PowerPlex has become firmly established on the Spring conference circuit among the cognoscenti and assorted curmudgeons that fancy themselves as sages of the enterprise world (see right) ;)
The company has rightfully earned its place as the only cloud manufacturing suite player with deep functional capabilities that cater for the small and medium businesses in the Rust Belt and beyond.
I'm not permitted to talk about the financial details but let's just say that under Jason Blessing's leadership, they've reached a point where they should have likely IPO'd by now but as we've seen in recent months, that market has more or less seized up.
In talking to Don Clarke CFO, it is apparent that Plex is managing both the profit and cash metrics competently and in ways from which others might learn a lesson or two. Let's consider some numbers the company can divulge:
In FY 2016 Q1 there were 97% renewals, +13% deal volume +51% customer expansions. The main reason for non-renewal? Going out of business. For FY 2015, the numbers are equally impressive for a business that three years ago was barely known outside its Michigan heartland but which had developed a solid cloud based solution:
Looking at these numbers, Plex remains a small vendor by the standards of the mega vendors but has a huge potential reach inside its existing portfolio before it has to worry about further organic growth. Jim Shepherd, the company's chief strategist said that while the company is in 1,500 locations, its customers have up to 10,000 locations.
Beyond the good news, the company managed to balance a 'here's what's new features' heavy keynote with a sense of humor. Jerry Foster, one of what the company playfully calls 'The Three Amigos' couldn't resist lightening the mood by announcing:
So let's fire up everyone's favorite application - Tinder. No, just kidding, I meant Excel.
Trust me, there were some in the audience who really thought we were going to see some magical interplay between Tinder and a manufacturing app. (Note - for those not familiar with Tinder, it's a popular mobile dating app.) Instead, Foster showed off a slick way of assembling reports with drag and drop in the new Plex UX, Plex's answer to a more modern user experience that can be managed by users and not requiring the help of IT. Foster was careful to position UX as a refresh rather than rebuilding but in conversations with users, it quickly became apparent that users see it as fundamentally different. More on that later.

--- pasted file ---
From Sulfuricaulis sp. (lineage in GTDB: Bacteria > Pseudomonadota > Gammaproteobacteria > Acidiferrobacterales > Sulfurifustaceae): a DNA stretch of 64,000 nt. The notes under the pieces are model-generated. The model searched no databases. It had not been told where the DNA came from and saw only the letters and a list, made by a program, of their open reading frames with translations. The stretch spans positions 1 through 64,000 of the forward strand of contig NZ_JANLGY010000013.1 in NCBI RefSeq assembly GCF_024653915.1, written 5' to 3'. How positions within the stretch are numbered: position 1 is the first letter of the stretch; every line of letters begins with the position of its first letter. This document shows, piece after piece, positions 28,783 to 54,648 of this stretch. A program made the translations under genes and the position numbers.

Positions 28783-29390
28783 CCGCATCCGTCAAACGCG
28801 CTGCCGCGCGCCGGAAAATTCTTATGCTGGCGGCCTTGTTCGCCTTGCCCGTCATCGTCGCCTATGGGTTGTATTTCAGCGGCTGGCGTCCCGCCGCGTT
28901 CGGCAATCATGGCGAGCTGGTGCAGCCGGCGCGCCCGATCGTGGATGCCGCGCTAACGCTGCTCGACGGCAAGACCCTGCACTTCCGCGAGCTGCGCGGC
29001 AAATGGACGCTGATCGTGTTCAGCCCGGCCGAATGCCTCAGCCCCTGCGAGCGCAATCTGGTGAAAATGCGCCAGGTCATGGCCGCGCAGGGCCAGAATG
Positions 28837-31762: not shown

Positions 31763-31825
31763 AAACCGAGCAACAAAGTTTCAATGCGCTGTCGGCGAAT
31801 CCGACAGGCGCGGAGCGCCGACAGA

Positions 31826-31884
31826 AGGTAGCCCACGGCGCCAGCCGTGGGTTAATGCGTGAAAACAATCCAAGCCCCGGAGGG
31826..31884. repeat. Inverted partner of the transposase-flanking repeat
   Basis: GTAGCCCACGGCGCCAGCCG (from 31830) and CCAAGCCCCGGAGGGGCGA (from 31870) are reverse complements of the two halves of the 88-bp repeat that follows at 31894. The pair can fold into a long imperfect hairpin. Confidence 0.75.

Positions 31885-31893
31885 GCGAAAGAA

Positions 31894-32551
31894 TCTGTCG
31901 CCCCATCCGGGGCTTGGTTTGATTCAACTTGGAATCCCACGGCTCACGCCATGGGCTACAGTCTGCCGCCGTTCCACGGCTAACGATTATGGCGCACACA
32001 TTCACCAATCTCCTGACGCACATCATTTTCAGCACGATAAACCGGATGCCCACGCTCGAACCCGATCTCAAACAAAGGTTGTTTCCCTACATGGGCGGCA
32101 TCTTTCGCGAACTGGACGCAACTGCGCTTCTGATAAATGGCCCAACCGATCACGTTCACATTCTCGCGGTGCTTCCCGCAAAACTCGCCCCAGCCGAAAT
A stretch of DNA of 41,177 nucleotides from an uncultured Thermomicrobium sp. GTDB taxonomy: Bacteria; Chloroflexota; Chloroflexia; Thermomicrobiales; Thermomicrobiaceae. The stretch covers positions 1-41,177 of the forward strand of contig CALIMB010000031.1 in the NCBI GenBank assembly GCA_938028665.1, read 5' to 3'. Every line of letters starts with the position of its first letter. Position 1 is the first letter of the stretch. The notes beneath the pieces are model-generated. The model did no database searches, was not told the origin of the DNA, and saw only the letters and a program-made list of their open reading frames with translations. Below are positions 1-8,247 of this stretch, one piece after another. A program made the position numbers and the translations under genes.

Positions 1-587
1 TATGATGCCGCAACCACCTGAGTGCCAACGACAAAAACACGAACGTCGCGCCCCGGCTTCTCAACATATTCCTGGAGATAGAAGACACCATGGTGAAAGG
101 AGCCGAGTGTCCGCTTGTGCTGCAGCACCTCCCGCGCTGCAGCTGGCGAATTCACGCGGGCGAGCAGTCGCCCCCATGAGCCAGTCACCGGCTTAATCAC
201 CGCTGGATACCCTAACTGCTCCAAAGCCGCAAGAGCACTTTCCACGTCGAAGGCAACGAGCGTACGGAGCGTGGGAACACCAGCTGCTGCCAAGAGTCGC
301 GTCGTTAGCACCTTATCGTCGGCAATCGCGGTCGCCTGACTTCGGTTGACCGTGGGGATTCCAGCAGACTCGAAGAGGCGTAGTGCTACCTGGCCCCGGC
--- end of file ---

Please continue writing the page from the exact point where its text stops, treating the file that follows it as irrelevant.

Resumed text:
Earlier, a visibly relaxed Jason Blessing, CEO brought customer Green Flash Brewery on stage followed by Genze, a Mahindra company that's developing electric scooters - that just happened to be carrying Green Flash beer. It was one of those classic moments of marketing theater that underscored both the modernity of Plex solutions and the breadth of its use in the market without being over contrived.
— Dennis Howlett (@dahowlett) April 26, 2016
Elsewhere in the keynote, The Three Amigos (the third is Karl Enderle, CTO) talked about Plex new REST API strategy. The company recognizes that as it grows, customers will need more functionality than Plex can realistically develop and so now Plex is banking on a nascent developer ecosystem to both fill in the white spaces and flesh out the offering.
This will help Plex reduce its need to reserve development resource to custom application building of the kind that forces the company into thinking about hybrid deployments. The most obvious and immediate use cases involve integration to Microsoft Office and again, we were given a demonstration of how this works.
Blessing freely acknowledges these are early days noting that:
We've talked about the importance of an ecosystem in the past but we didn’t invest enough. We're fixing that. Right now it’s about helping a really hungry group of regional SIs looking for what’s next after JD Edwards.
As I mentioned earlier, Plex gave us free access to as many customers as we want but was careful to showcase early adopters of UX. It's not hard to understand why because this is the future of Plex and it will take time to get customers transitioned. I have two videos in production that speak to the adoption issues and will expand on those once they're available online. They provide useful insights into how customers overcome resistance, but more important, explain how it can be easy to overcome objections.
I came away from the first day with plenty of good answers but equally there is plenty to understand. Next, we go on a factory tour with a live customer. This is one of the highlights for me because it is where reality hits hardest. I've asked if we will be allowed to livestream to Facebook Live. If so then I hope to show readers what happens in a Plex driven production system. Wrapping up, I will be having a deep dive technical session during which I want to explore more about the API strategy and get a grasp of how Plex imagines consolidating or merging what are three (and possibly four) UIs.